Imperative Sentence

What exactly is an imperative sentence? The major function of these sentences is to direct others to do something or to issue a demand to someone else. Imperative sentences can be ended with a period or an exclamation mark.

The word order and form of such a sentence differ from other types. It frequently lacks a subject because an imperative sentence, by definition, addresses the recipient or reader (if it is a written text). In general, such sentences consist of a base verb plus additional information.

These sentences can be both negative and positive; here are a few examples of imperative sentences to help you understand the concept:

Positive: Attend history classes!

Negative: Attend no history lectures!

Positive: Participate in a football team.

Negative: Joining a football team is not a good idea.

Imperative sentences are primarily used in oral speech in terms of possible applications. Still, they can also be used in dialogues between characters or as a “call to action” that encourages readers to do something if we’re talking about writing.

 

Exclamatory Sentence

What is the definition of an exclamatory sentence? The exclamatory sentence is the last of the four sentence types. It is used to express astonishment and is always followed by an exclamation mark.

Here are a few examples of how the basic word order in such sentences might look:

  • What (+ adjectival modifier) + noun + subject + verb
  • How (+adverb/adverb) + subject + verb

For instance: What beautiful (adjective) weather (subject)! or How (adjective) generous (topic) you are (verb)!

Exclamatory sentences, unlike previous types, do not have a negative form.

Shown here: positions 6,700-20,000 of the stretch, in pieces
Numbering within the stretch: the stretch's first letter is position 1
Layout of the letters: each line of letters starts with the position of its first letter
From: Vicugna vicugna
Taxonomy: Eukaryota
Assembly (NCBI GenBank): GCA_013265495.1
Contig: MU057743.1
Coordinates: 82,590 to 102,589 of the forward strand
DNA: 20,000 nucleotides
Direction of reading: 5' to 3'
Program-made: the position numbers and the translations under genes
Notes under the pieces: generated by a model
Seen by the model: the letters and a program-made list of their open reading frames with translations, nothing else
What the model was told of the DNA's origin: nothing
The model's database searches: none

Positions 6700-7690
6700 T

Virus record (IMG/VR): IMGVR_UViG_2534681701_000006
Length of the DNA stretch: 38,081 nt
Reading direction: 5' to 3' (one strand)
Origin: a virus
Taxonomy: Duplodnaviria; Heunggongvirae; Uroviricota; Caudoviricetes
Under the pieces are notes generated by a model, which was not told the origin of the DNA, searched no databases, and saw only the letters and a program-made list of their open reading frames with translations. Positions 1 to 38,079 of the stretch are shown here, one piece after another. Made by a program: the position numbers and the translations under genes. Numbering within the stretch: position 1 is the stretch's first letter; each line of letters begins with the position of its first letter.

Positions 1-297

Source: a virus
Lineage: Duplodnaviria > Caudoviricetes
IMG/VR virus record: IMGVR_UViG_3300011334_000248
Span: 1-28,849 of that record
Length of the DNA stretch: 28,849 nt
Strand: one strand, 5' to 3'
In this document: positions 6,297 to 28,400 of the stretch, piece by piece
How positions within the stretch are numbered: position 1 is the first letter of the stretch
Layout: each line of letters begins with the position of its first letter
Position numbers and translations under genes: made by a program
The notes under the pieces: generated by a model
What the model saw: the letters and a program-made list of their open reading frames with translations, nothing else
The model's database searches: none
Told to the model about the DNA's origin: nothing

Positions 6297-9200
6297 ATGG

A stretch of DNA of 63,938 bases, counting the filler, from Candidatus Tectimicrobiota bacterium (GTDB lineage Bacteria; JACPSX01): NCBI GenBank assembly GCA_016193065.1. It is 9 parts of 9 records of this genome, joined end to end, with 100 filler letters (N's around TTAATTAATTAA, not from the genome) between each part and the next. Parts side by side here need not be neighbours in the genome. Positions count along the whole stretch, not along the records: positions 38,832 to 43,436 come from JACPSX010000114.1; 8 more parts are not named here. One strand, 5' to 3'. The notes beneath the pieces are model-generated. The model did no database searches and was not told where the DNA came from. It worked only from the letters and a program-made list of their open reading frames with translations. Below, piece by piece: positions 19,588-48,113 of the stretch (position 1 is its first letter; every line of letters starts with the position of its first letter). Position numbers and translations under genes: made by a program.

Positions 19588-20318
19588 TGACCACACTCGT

Examine the following exclamatory sentence examples to see how they are constructed:

  • What a lovely painting!
  • I’m in agony!
  • What a brilliant idea to throw him a surprise party!
  • It was wonderful!

Exclamatory sentences express strong emotions and, in turn, attempt to elicit the same feelings in readers. Using this type of sentence in academic papers is often inappropriate. However, if you’re writing a descriptive or narrative essay, exclamatory sentences can help your story come to life by conveying the right emotions to the reader.

 

Extra Suggestions for Variety

What is the secret to having a flawless writing style? Some may say it is a strong vocabulary, while others may disagree and argue that it is the ability to include many details. People may also suggest the number of ideas, examples, and arguments you have in your writing. But, when you put it all together, it turns out that variety is the valid key to literary mastery!

So, here’s our best writing-empowerment tip: add more variety. It may appear not very easy at first. However, once you fully understand the concept behind each sentence type and become more comfortable with them, you can begin experimenting with them.

 

Here are some of the best tips for using different types of sentences to your advantage in writing:

 

Create a hook by asking a question. 

The introduction to a paper should be intriguing and engaging to entice the reader to keep reading. In the form of a question, a hook at the beginning of your introduction is an excellent way to draw attention.

 

To establish the correct direction.

Use imperative sentences. The correct command, delivered in the right tone, can substantially impact readers and pique their interest.

 

Experiment with different word combinations. 

Although we have shared some basic sentence-formation formulas with you in this article, they do not always have to follow the “subject + verb” scenario. Changing the order of words can occasionally add variety to your style and improve the appearance and sound of your text.

 

To summarize key points.

Ask a question. Another way to use interrogative sentences is to place them at the start of a paragraph to create a quick summary of your ideas.

 

Make use of various structures. 

Most writing tips, on the whole, say the same thing: “Keep it Simple!” While this advice sounds, a little variety isn’t always a bad thing. Writers frequently employ this technique to keep readers interested. They alternate between simple, compound, and complex structures. This tip significantly improves the text’s readability. The problem is that people find it difficult and exhausting to read the same sentence types one after the other.